He knew that the only way to take a defensive position so perfectly designed for the enemy was to have a fighting force that could execute the necessary maneuvers. He had to use various firepower from his tank elements to cover the infantry right up to the second they entered the entrenchments to bayonet the Japanese—supporting fire that would be landing within feet of the moving infantry soldiers. In Slim’s mind that would require “first-class tank gunners and infantrymen with steady nerves.” Imagine a friendly bullet whistling purposefully by your head to kill the men just feet from you in 1944 before laser sights.

Slim succeeded in getting his men to assault this fortress because he had created the tank gunners and infantrymen he needed to win over months of training and battle. They were confident in one another’s capabilities. They had learned to look beyond ancestral backgrounds and realized everyone bleeds red in an army. They were well-trained, had practiced and rehearsed, were well-led, and had fought beside each other gaining trust in each other. This level of morale was necessary for victory in this campaign, that would stretch on from Winter to Summer in 1944. His strategy would also require getting numerous policy-level leaders to understand they needed to support his men’s morale, with their will to fight the campaign and send him necessary supplies and transport.

Will

The “will to win” a war is one of the hardest bolts of lightning to catch, contain, and control. At the lowest levels of a military force they are easy to spot in young soldiers. At the national level where presidents, legislators, generals, and admirals play a role in gathering the nation behind a war effort, it is hard to measure at the time of the war. It can be easier to spot in retrospect.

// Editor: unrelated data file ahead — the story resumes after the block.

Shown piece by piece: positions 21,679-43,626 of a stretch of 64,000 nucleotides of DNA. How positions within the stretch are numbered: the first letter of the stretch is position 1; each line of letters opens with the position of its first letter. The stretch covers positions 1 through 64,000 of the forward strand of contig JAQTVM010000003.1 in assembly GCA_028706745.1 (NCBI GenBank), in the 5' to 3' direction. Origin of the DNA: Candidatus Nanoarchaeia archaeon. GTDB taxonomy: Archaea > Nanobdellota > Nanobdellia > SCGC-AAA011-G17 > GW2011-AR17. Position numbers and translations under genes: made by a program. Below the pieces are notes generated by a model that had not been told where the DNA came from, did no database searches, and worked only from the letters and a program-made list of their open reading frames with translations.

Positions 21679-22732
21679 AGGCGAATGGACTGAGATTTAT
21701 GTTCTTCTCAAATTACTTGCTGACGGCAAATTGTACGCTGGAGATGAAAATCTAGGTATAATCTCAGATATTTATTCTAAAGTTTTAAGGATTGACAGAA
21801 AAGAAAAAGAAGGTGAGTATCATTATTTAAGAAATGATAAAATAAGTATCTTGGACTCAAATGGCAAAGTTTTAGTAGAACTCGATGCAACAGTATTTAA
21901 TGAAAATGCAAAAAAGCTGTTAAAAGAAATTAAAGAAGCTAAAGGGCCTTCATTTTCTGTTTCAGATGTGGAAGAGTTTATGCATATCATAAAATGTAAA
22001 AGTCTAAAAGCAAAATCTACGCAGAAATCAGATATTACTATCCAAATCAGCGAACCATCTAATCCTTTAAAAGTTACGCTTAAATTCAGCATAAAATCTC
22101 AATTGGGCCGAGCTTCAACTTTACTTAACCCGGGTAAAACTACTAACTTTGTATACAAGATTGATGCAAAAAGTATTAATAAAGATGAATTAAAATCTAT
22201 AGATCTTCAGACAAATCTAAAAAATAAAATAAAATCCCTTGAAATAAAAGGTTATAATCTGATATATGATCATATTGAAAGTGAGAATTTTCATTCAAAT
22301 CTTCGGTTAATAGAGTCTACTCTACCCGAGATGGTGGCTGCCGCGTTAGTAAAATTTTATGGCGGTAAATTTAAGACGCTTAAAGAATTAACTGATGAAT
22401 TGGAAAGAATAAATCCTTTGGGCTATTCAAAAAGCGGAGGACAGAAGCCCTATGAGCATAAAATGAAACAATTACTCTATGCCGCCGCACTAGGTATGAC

At the presidential level two leaders stand out for leading the nation to fully-back a war effort. Presidents FDR throughout World War II and George HW Bush during both the Panama Invasion and the Operation Desert Shield/Storm. At this level, two leaders with very different styles, were able to ensure the nation knew the risks, the costs, and the reason why the actions must be taken. They prepared the nation for the sacrifices that would be borne by citizens and fighting forces. They also rewarded the nation with ceremonial parades to allow the citizens and fighting men and women to begin to reconcile their actions and reintegrate into society. On the other side of the coin, every poorly received and supported war shows us lessons about presidents, members of congress, and senior military leaders that didn’t understand the will to fight, and what that costs a nation.